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narravi quod eram (L.A. 9)

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narravi quod eram (L.A. 9)

Postby furrykef » Fri May 20, 2011 5:18 am

Wheelock, adapted from Horace wrote:Nūlla fors mihi tē, Maecēnās, obtulit: optimus Vergilius et post hunc Varius dīxērunt quid essem. Ut ad tē vēnī, singultim pauca locūtus (nam pudor prohibēbat plūra profārī), ego nōn dīxī mē clārō patre nātum esse sed narrāvī quod eram.


I'm kind of lost at "narrāvī quod eram". Here's what I've got so far:

"No accident offered you to me, Maecenas: the very great Virgil, and after him Varius, told you what I am. As I came to you, I said few things (for modesty kept me from saying more), I did not say I was born to a famous father but I spoke because I was(?)."

This just doesn't quite make sense to me. I don't think it could be "I said what I was", which I think would be "quid essem" (as in the first sentence of the passage). So it doesn't seem that "quod" is "what" here. But "because I was" doesn't make sense to me either. Because he was what? Because he was there? And what exactly did he say?
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Re: narravi quod eram (L.A. 9)

Postby lauragibbs » Fri May 20, 2011 5:30 am

How about this:
narravi (hoc) quod eram...

It reminds me of this proverb:
Dei gratia sumus quod sumus.
By the grace of God we are what we are.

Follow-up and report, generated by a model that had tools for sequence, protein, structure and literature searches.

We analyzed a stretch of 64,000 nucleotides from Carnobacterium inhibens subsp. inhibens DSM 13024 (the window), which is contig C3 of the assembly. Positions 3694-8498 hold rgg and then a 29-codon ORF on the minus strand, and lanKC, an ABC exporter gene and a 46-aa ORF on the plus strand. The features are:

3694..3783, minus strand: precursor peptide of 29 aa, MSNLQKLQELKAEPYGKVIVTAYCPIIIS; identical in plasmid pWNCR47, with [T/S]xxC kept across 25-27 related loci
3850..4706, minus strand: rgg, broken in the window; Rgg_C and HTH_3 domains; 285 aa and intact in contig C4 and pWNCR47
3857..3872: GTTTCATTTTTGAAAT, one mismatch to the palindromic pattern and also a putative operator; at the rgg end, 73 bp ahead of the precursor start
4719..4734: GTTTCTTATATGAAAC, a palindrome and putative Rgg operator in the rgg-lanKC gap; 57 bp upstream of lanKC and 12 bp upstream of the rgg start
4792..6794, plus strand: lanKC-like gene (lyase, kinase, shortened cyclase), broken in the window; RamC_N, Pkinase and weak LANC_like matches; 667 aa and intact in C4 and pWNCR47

The English is confusing because we use "what" for various purposes - quid essem would be an interrogative pronoun in Latin (English: "what I was"), quod eram would be a relative pronoun in Latin (English: "what I was"), but English cannot make that distinction as the Latin can. The words quod and quid are related in Latin, but they are nevertheless different words. English doesn't have such a wide range of pronouns to draw on. I guess you could say, "(that) which" instead of "what" to convey the relative pronoun in English, but it doesn't sound very idiomatic that way. :-)
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Re: narravi quod eram (L.A. 9)

Postby furrykef » Fri May 20, 2011 6:22 am

I'm aware of the quid/[id] quod distinction... Spanish has the same thing ("qué" vs. "lo que"). Where I'm getting tripped up is I don't see how the sense here is different between the two sentences.
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Re: narravi quod eram (L.A. 9)

Postby lauragibbs » Fri May 20, 2011 3:06 pm

I'm not quite sure what you mean - although it's not idiomatic in English (and it's perfectly idiomatic in Latin), the difference is between these statements in English:
I explained what I am (answering a question: what am I? I am blah blah blah)
I explained that which I am (stating a fact: the thing is that I'm blah blah blah)

If you look at that quod you can see how it evolved into the use of quod as a subordinating conjunction in Latin very much like the English conjunction "that" - the hoc is implied and the quod all by itself does the work of introducing the next clause so that eventually it came to mean "that" just like the English subordinating conjunction "that" which we use for indirect discourse. The use of "quod" as a subordinating conjunction in Latin is increasingly common in later Latin. Maybe they picked this passage in Wheelock just to get you used to that idea, although who knows. I will confess to not being the biggest fan of Wheelock on the planet. :-)
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